Tuesday, 1 April 2014

How I Met Your Mother: The Last Forever [SPOILERS]

Do not read below the image if you haven't seen the final episode of How I Met Your Mother yet, because I will be spoiling from the get go with this review.

Barney and Robin are divorced, The Mother is dead, and this was probably the most depressing Sitcom finale of all time. And I loved it. To put it simply and to borrow from a great band: It's the end of the world as we know it, and I feel fine.

After the near interminable Wedding weekend, the series finale of How I Met Your Mother set out to tell a very different story. A story which would fill in the years from 2013 where we last left the gang right up until the kids are sitting on that sofa in 2030. And my oh my does The Gang go through a one hell of a rollercoaster in those years.

The first blow is that Robin and Barney's marriage simply didn't work. Robin's career and Barney's womanising personality simply do not mesh - and when the couple reveal that they have divorced, it comes as a gut punch to not only Lily (in a superb performance throughout from Alyson Hannigan, in what might be the best she's ever put in over the 9 year run of the show), but to the audience at large. We have spent so many years building to this wedding (and indeed an entire season with the wedding itself) and so for the writers to make the decision to end it all was a bold choice, but one which would set up what was to come. It is Barney's comment that "this isn't a failed marriage, it's a great marriage which ended after 3 years" that softens this initial blow as we believe that perhaps they can move beyond it.

After this we jump forward to Marshall and Lily moving out of The Apartment. It's a moment which is reminiscent of Friends' famous final scene, but which the writers again cleverly turn on its head. Instead of a moment of 6 friends hugging and laughing, we see Lily and Robin argue and are left with Lily sobbing in the empty room. The Gang is dead, and Robin is moving on. They are setting us up over and over again for the tragedy which is to come, taking the happiness away so that when the worst blow comes it is at least half expected. The writing is perfect, and the sobs the scene is looking for are absolutely delivered - from this point on if you don't have your tissues ready then you're going to be a mess.

I have read elsewhere that people had some serious issues in seeing Barney's character go back to his old ways after what happened with Robin, but for me this was the final stage in his evolution. It was there all along - with Robin he learned to love, but simply wasn't ready, or mature enough for what was to come. Remember he had only just gotten over Quinn the Stripper when he and Robin got together. It was hardly the most well thought out relationship, and was the proof that what the show has suggested over and over is true: Love is the most important thing, but it's not the only thing. Relationships are about building to a place of mutual respect, and Barney simply couldn't do that yet. But speaking as someone who has just had his first daughter: That is a moment of true clarity and a moment which truly defines you as a man more than any relationship you will ever have. That is the push Barney needed to move beyond himself and truly grow in a way he never could up until that point.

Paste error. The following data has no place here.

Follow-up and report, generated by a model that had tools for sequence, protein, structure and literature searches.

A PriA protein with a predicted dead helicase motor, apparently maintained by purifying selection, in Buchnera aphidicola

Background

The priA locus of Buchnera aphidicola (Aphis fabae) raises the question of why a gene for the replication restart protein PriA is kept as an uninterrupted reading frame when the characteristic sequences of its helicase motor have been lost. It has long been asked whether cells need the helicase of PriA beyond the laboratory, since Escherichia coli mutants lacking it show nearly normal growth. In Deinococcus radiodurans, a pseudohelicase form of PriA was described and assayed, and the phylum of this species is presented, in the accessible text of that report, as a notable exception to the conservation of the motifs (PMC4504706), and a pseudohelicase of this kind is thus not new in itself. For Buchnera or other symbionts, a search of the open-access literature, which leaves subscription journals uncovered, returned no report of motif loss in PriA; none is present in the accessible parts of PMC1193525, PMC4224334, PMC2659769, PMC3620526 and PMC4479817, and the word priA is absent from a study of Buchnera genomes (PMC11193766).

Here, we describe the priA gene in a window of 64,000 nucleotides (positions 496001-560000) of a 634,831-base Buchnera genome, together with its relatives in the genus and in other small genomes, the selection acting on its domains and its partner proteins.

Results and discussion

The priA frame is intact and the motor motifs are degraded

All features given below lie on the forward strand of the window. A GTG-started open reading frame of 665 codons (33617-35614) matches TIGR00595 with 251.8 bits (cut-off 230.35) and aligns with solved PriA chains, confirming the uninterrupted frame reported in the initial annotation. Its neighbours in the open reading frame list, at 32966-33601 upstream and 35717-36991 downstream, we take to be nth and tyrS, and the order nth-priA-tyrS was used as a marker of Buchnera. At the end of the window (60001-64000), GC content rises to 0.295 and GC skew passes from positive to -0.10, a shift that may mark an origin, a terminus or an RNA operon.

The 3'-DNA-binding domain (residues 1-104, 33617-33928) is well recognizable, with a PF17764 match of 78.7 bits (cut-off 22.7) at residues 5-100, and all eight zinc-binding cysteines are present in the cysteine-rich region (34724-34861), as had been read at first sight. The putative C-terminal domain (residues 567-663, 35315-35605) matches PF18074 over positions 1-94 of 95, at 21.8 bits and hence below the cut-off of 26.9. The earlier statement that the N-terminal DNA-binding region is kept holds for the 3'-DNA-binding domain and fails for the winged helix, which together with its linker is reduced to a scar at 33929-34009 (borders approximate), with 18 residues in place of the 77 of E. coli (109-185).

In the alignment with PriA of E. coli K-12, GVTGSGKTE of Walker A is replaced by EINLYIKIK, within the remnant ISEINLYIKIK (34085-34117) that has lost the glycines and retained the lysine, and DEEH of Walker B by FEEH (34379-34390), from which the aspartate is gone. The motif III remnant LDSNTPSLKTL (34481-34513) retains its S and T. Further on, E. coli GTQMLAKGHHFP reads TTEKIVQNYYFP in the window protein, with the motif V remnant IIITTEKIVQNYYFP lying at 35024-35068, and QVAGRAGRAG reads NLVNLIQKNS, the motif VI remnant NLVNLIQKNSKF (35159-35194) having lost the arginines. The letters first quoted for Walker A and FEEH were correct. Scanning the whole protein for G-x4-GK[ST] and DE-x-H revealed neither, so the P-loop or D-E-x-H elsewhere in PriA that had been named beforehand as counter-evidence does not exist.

And then finally after 9 years of waiting: we reach the moment we've all waited for. Ted and Tracy McConnell are on the railway platform and they're laughing and joking about the Yellow Umbrella and this is perhaps the only way this scene could ever have been written. Its beautiful and funny and exactly what it should have been. And then the final bell tolls. We flash through all the important moments they shared until finally we reach the hospital. Everyone who had ever guessed that The Mother would be dead are correct. It's something that I had really hoped wasn't going to happen, because I genuinely believed it would be a depressing and dark way to end the show. I was wrong. Ted's story comes to a close in a poetic and utterly beautiful way. The writer's stuck to their guns and used the scene they shot 8 years ago and it fits and by god I'll admit it: I laughed out loud when the kids both just call Ted out on the real reason he's been telling the story. I was so ready to hate it that when it actually happened it was simply excellent.

I understand that what happened was polarising, and I understand that it isn't going to be for everyone, because there were lots of ways this could have played out - and I think I could have probably guessed for years and never come up with the episode we got, but all in all The Last Forever was not about simply Ted and Tracy, it was about giving us the future of every single one of the characters we have come to know and love, and its about how no matter what the journey, and how we get there: Love is what we do best. Whether that's the love of father and child, the love of man and wife, or most importantly the love shared by a group of friends who no matter what: will always be there for the big moments.